Loudoun’s Pioneering Finance Czar Retires

Loudoun Board of Supervisors Vice Chairman Ralph M. Buona (R-Ashburn) credits Ben Mays with giving the county its flawless triple triple-A credit rating.

“Ben is the guy that brought this county its triple-A credit rating, and Ben managed 20-some years of enormous growth in this county,” Buona said when county supervisors presented a resolution commemorating Mays’ retirement after 24 years of service.

Retired Loudoun County Chief Financial Officer Ben Mays greets well-wishers at a reception in his honor. (Renss Greene/Loudoun Now)
Retired Loudoun County Chief Financial Officer Ben Mays greets well-wishers at a reception in his honor.
(Renss Greene/Loudoun Now)

The county first met Mays when he worked at the Government Finance Officers Association Research Center, a consultant hired to help develop the county’s first fiscal impact model. It was pioneering work that garnered national attention—and the county hired Mays away to continue his work.

Since then, first as an employee within the Department of Financial Services and eventually as the county’s chief financial officer, Mays has shaped county fiscal policy and growth management with his idiosyncratic offbeat humor and straightforward manner.

When he joined the county, Loudoun was a much smaller jurisdiction, and it didn’t have much of a capital improvement program. Under his watch, Loudoun began its explosive growth, creating enormous pressure to plan ahead to keep up with the demands of its growing population—more roads, more schools, more everything.

A message to Ben Mays from Erin McClellan, director of Management and Budget, scrawled out with other well wishes on a life-size cardboard Elvis. (Renss Greene/Loudoun Now)
A message to Ben Mays from Erin McClellan, director of Management and Budget, scrawled out with other well wishes on a life-size cardboard Elvis.
(Renss Greene/Loudoun Now)

The county went from planning only a few years ahead to creating a sophisticated model for planning decades ahead, and tying together fiscal management, land use, and capital improvement—the first system so thorough and integrated in Virginia.

“We probably learned to do it in a more sophisticated way than most people did, but then again, we were the fastest growing jurisdiction in the state—we had to,” Mays said. “It was self defense.”

Then, that work was codified in Loudoun’s comprehensive plan and fiscal practices. With that guidance, despite enormous pressure to keep up with its own growth, Loudoun earned its triple triple-A bond rating in 2005, the highest seal of confidence from major credit rating agencies.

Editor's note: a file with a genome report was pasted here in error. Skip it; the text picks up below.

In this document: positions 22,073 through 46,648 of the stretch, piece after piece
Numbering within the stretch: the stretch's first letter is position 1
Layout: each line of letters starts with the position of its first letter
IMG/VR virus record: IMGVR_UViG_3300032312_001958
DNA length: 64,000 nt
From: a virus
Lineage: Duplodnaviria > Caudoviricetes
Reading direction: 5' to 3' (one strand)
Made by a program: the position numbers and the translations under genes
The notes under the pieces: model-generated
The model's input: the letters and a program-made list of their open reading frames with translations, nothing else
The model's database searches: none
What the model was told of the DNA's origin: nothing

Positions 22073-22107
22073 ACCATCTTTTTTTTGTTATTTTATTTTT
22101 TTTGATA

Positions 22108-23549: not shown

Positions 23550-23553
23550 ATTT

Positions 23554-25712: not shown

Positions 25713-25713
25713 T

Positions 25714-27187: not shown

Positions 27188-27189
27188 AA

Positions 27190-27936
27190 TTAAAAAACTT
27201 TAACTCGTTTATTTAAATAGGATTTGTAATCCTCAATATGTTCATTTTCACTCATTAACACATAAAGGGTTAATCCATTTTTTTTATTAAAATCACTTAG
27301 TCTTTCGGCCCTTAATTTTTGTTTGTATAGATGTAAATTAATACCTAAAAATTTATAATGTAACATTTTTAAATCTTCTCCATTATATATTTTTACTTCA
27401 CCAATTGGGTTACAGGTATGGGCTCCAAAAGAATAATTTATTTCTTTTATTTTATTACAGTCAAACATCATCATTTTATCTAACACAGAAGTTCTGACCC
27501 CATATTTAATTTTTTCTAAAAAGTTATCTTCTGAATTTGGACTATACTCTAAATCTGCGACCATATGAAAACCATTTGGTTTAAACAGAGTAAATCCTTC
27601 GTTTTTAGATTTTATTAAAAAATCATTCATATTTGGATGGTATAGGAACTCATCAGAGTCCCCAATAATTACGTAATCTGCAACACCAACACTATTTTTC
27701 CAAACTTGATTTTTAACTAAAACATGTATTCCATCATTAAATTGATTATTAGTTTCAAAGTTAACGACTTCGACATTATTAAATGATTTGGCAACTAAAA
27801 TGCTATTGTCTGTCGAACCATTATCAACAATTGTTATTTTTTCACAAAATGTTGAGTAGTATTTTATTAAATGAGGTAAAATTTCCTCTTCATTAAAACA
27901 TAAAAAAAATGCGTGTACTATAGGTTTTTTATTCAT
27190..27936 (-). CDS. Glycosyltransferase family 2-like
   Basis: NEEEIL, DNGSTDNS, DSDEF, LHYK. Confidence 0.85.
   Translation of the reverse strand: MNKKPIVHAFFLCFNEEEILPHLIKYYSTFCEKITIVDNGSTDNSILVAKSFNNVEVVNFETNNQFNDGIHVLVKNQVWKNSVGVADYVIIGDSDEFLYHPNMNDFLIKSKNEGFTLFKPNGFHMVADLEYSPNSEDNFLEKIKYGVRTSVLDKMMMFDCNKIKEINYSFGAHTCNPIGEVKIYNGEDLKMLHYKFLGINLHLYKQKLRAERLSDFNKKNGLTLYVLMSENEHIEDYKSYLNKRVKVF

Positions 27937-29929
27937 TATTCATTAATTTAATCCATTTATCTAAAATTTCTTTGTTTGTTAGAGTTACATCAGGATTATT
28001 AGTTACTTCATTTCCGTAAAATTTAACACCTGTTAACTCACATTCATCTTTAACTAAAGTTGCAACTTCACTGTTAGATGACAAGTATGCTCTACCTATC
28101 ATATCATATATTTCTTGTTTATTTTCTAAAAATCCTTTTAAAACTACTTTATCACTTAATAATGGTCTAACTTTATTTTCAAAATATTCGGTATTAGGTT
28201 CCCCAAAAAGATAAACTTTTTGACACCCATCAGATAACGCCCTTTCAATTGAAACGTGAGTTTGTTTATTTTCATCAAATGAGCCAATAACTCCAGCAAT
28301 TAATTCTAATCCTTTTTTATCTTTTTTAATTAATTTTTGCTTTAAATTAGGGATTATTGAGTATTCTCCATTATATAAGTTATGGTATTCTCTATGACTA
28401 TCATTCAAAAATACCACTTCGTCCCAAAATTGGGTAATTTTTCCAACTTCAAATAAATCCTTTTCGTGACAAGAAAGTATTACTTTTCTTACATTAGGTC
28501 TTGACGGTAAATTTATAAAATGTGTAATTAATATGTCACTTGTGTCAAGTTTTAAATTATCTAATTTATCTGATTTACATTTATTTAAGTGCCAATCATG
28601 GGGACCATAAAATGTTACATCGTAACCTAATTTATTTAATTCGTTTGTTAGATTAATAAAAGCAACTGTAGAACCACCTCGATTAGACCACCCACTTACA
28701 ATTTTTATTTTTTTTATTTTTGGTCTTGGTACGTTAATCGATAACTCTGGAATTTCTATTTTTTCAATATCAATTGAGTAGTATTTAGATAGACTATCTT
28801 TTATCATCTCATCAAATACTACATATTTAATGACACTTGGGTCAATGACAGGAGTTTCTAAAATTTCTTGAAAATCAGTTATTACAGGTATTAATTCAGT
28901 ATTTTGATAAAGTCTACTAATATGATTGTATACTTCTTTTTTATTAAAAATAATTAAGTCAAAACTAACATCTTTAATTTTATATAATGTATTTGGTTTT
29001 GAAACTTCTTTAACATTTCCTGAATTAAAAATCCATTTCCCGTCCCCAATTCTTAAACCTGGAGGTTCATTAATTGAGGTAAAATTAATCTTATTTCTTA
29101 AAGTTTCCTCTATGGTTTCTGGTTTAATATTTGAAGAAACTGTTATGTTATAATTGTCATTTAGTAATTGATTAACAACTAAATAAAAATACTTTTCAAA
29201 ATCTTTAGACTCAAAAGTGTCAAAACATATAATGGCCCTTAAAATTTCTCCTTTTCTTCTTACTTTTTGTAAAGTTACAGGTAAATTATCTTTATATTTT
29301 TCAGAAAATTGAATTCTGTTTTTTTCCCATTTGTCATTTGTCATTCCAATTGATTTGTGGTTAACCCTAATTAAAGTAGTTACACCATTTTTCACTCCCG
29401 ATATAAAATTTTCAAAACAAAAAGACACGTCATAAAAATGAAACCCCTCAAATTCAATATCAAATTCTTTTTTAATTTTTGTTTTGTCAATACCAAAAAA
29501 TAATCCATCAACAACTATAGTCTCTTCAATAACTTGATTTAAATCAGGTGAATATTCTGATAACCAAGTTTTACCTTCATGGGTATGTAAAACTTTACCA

“There have been backroom conversations we’ve had with some of the rating agencies where they have opined that under certain standards, we may well be the highest single rated community in the United States,” Mays said.

In that time Mays has worked with three county administrators and seven Boards of Supervisors.

“Almost everything we do from a financial and budget practice perspective came through you, or from you, or you put your influence on it in some way or another,” County Administrator Tim Hemstreet said.

“I was very lucky to have worked for three great county administrators who allowed me to use my odd talents in my odd way,” Mays said. “I really do appreciate it. You gave me a great deal of rope, and I really very rarely hung myself.”

He also thanked county employees who have supported him and department heads who have “put up” with him: “I know I was more than a bit of a bully.”

During a reception in his honor Thursday, April 21, former county employees, including former County Administrator Kirby Bowers, came from miles around to wish him well and give him gifts—including a life-sized cardboard cutout of Elvis covered in signatures and messages, and a picture of Mays sprawled out in an airport terminal after a successful credit ratings trip.

Mays was also known for speaking directly—to the point of speaking out of turn—with county supervisors. At the reception, he recalled one successful project that garnered him both a bonus for his work and a letter of reprimand for sternly asking supervisors on the dais to pay attention while he presented it.

“I owe him a debt of gratitude,” Buona said. “The whole county owes him a debt of gratitude.”

“I have always stood up for my principles, and I always stood up for what I thought was the right thing,” Mays said. “It serves you well throughout your life.”

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rgreene@loudounnow.com
@RenssGreene